Data-efficient and Deep RL

Bringing reinforcement learning (RL) methods from an appealing academic concept closer to real world control applications was one of my major research goals from 1994 onwards. Early research concentrated on the investigation of new RL methods for continuous state spaces by using neural networks as continuous Q-function approximators. One key focus was to improve data-efficiency by massive re-use of stored transition data, which lead to Neural Fitted Q Iteration (NFQ, Riedmiller, ECML 2005) and a variant for continuous actions, Neural Fitted Q for Continuous Actions (NFQCA, Hafner and Riedmiller, MLJ, 2011). Our Deep Fitted Q algorithm (DFQ, Lange and Riedmiller, IJCNN 2010) was one of the early examples of deep RL methods to control real world systems from raw camera input. The DQN agent (Mnih et al., 2015) was the first agent that learned to play 49 different Atari games from raw pixels using a single agent architecture.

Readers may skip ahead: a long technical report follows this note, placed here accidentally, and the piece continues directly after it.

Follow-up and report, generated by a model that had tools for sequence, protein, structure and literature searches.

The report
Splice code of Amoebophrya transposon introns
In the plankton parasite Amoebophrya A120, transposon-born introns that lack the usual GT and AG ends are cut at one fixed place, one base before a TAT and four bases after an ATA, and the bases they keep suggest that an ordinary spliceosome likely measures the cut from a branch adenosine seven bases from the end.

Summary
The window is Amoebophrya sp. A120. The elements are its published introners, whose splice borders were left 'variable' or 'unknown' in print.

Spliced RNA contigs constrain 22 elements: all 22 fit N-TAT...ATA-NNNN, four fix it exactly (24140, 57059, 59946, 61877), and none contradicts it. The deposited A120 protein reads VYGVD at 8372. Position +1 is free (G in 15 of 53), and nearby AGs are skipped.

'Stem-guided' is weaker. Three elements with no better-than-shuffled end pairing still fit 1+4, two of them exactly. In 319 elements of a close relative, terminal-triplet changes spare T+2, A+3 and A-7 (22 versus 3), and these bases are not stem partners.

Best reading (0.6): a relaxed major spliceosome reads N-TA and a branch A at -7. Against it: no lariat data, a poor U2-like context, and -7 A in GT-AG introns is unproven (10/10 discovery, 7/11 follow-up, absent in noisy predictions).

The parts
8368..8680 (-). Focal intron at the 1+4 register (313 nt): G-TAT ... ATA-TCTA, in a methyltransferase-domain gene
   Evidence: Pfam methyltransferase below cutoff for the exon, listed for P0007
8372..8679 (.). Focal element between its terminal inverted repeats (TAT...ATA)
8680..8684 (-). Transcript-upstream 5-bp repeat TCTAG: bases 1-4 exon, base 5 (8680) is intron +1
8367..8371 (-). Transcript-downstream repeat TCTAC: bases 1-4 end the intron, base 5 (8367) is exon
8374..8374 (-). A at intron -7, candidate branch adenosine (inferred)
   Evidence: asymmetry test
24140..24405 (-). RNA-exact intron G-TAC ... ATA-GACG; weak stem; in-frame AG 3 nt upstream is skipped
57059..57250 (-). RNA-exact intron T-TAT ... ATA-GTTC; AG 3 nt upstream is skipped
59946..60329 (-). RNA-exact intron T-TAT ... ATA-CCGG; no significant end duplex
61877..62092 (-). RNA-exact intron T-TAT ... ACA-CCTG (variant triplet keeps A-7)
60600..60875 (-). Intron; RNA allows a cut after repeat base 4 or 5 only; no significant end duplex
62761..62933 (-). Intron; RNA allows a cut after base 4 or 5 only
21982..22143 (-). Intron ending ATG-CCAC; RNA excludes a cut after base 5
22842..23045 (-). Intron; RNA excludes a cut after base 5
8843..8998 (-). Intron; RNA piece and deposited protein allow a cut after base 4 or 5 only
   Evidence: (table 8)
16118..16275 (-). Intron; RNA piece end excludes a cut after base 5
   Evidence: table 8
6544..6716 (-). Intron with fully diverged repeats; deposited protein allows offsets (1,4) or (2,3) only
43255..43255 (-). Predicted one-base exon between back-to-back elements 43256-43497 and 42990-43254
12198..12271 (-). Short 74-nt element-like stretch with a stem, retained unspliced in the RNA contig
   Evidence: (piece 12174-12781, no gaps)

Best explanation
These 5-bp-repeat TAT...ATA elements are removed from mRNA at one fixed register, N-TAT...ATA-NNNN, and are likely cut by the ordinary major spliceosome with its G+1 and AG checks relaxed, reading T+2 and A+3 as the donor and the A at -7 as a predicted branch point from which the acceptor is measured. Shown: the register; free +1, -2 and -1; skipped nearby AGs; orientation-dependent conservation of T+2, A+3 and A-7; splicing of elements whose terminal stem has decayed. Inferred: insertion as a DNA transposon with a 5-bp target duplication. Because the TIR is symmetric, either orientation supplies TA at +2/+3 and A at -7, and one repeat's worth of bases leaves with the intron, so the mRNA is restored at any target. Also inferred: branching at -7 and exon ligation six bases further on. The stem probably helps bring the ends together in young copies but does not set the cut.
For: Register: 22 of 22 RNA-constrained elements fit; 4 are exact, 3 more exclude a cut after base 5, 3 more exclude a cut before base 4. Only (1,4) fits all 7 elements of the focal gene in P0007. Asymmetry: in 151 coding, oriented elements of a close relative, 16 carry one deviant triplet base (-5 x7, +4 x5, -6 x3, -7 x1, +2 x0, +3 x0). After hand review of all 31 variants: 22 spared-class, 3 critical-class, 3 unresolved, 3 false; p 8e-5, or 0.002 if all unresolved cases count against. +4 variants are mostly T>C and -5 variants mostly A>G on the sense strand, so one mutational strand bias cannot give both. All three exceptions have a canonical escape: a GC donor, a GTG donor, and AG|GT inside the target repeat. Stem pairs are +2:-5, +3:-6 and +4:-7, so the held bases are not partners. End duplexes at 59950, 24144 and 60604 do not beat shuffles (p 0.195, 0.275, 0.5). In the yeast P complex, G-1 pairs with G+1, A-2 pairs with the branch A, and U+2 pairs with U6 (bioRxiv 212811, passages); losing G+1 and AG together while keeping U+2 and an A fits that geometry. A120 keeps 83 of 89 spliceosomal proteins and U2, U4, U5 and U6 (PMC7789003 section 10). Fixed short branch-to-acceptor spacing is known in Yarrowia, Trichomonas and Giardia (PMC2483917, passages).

Demonstration of a cart learning to swing up and balance a straight pole from scratch.

A car learning to drive using NFQ in less than 20 minutes of real driving experience (with colleagues at Stanford, 2006).

Deep Fitted Q (DFQ, Lange und Riedmiller, 2010): Learning to control a race car from raw pixel inputs. One of the world's first Deep RL agents learning on a real system.

Regulating the speed of a toy car (2008) by NFQ. The goal is not to be hurled off the track, while maximising the speed. In this video, the car position was given as an input to the neural controller.

Embed to Control (E2C): Linear Dynamics Model from Raw Images (Watters et al., NeurIPS, 2016)